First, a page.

Stand for What You Believe In

Be authentic. Do not create a campaign to woo new customers or to placate current customers. Do it with pure intentions, and make sure your entire organization is clear on the stand you are taking. Ben & Jerry’s has been doing it right for a very long time, before it was trending. Do a case study on their culture to see how they have been able to successfully navigate this terrain without losing any of their customer base.

It’s clear that an organization gotta be doing and standing up for more. Brainstorm many different ideas that all have a constant theme: giving back by using human connection.

Company leaders may want to consider finding ways to engage themselves and their workforce so they can problem-solve directly within the community. For example, if a company has a frustration point for the community, why not bring that community in to work with company employees to problem-solve? The ideas that arise may blow your mind. Social engagement may be the thing that saves your company’s life!

Remember why you started your company in the first place. In my case, founding Rise Shea Butter was based on the conviction that women deserve better knowledge about their bodies. This larger social good is just as important to us as our bottom line, and, in fact, it is inseparable from it. Social engagement isn’t just an add-on. The most powerful way companies can be socially engaged is to organize themselves such that serving their customers advances their vision for social improvement in a self-reinforcing circle.

I believe that building a company is building a community. If you want to sell something, it better be good on all fronts. If you want top talent, it’s not money people want; it’s meaning. We gotta inspire the next generation if we are to keep up with the world. Show that entrepreneurship is about imagination and community — not greed and profit.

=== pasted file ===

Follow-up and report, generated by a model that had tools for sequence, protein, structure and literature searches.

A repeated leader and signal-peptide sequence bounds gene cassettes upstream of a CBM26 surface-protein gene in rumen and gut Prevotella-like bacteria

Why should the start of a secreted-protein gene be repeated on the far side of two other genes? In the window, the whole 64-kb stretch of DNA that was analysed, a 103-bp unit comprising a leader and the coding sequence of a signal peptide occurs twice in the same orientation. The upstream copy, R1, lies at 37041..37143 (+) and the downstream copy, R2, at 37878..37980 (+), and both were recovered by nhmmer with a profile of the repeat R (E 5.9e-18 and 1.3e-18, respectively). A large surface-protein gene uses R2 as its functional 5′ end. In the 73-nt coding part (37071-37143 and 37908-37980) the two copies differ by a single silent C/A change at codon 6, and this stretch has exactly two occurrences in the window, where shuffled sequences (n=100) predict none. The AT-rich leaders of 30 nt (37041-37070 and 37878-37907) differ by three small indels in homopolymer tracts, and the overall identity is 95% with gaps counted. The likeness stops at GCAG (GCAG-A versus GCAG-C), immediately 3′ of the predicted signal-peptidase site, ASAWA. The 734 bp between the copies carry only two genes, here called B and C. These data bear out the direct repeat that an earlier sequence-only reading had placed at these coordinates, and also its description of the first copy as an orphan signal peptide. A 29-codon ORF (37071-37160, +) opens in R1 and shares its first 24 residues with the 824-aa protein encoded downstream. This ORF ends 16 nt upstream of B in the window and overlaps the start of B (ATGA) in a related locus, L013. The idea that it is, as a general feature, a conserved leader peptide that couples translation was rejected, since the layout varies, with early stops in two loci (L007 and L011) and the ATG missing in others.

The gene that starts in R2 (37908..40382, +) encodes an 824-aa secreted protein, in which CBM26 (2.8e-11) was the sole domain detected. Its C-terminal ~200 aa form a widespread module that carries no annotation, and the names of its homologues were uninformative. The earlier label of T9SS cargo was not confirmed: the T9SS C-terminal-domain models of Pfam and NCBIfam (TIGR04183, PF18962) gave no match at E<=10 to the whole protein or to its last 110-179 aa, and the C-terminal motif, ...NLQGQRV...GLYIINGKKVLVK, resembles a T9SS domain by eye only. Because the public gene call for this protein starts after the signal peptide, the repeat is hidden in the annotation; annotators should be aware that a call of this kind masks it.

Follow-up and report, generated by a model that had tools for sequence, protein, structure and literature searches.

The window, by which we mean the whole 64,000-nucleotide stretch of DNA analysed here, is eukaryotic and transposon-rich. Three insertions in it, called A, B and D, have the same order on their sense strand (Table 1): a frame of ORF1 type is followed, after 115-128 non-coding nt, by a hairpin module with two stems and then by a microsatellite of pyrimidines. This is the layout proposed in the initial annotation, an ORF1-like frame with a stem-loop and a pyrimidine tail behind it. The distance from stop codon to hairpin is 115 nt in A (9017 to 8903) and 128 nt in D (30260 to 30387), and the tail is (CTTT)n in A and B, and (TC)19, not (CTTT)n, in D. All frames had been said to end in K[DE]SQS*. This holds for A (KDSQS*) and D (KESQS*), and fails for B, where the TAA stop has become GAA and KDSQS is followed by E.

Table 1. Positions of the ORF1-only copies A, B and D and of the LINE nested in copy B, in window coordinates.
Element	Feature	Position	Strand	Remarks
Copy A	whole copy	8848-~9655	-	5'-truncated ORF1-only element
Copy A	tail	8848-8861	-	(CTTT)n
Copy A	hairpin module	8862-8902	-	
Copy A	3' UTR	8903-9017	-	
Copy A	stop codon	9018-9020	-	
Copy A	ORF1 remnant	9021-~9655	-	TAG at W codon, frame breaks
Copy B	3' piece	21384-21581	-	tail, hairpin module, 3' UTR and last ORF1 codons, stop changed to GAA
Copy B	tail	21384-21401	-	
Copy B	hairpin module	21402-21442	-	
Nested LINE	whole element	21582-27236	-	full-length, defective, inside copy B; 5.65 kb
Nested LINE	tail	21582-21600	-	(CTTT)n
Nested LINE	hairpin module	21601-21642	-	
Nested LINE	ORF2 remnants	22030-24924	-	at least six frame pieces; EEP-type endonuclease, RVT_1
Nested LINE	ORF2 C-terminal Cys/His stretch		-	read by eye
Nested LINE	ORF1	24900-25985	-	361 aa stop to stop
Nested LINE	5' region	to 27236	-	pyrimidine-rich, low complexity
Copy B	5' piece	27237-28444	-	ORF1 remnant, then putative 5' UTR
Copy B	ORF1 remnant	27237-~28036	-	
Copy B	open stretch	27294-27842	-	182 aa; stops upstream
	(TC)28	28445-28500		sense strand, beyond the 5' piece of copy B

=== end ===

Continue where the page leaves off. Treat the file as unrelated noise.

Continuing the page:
At Fast, we’ve recognized that cultivating a diverse company goes beyond just hiring. Leaders should create a culture where employees feel empowered to bring their whole selves to work. Too often when companies create diversity groups or initiatives, those diverse voices are required to do the actual work. It is great to invest in these initiatives, but it should be a core part of the company, and all employees should feel they have a role to play, rather than creating a one-off project to check off the list.

Talk as a team about your company’s values and how they intersect with present-day issues and the macro environment. Reach out to organizations that are tackling these issues. Find out if there’s anything that can be done together. It should be more than just a campaign — it should be something you would do even if customers and others didn’t know about it.



Albert Sean John INCREDIBLE

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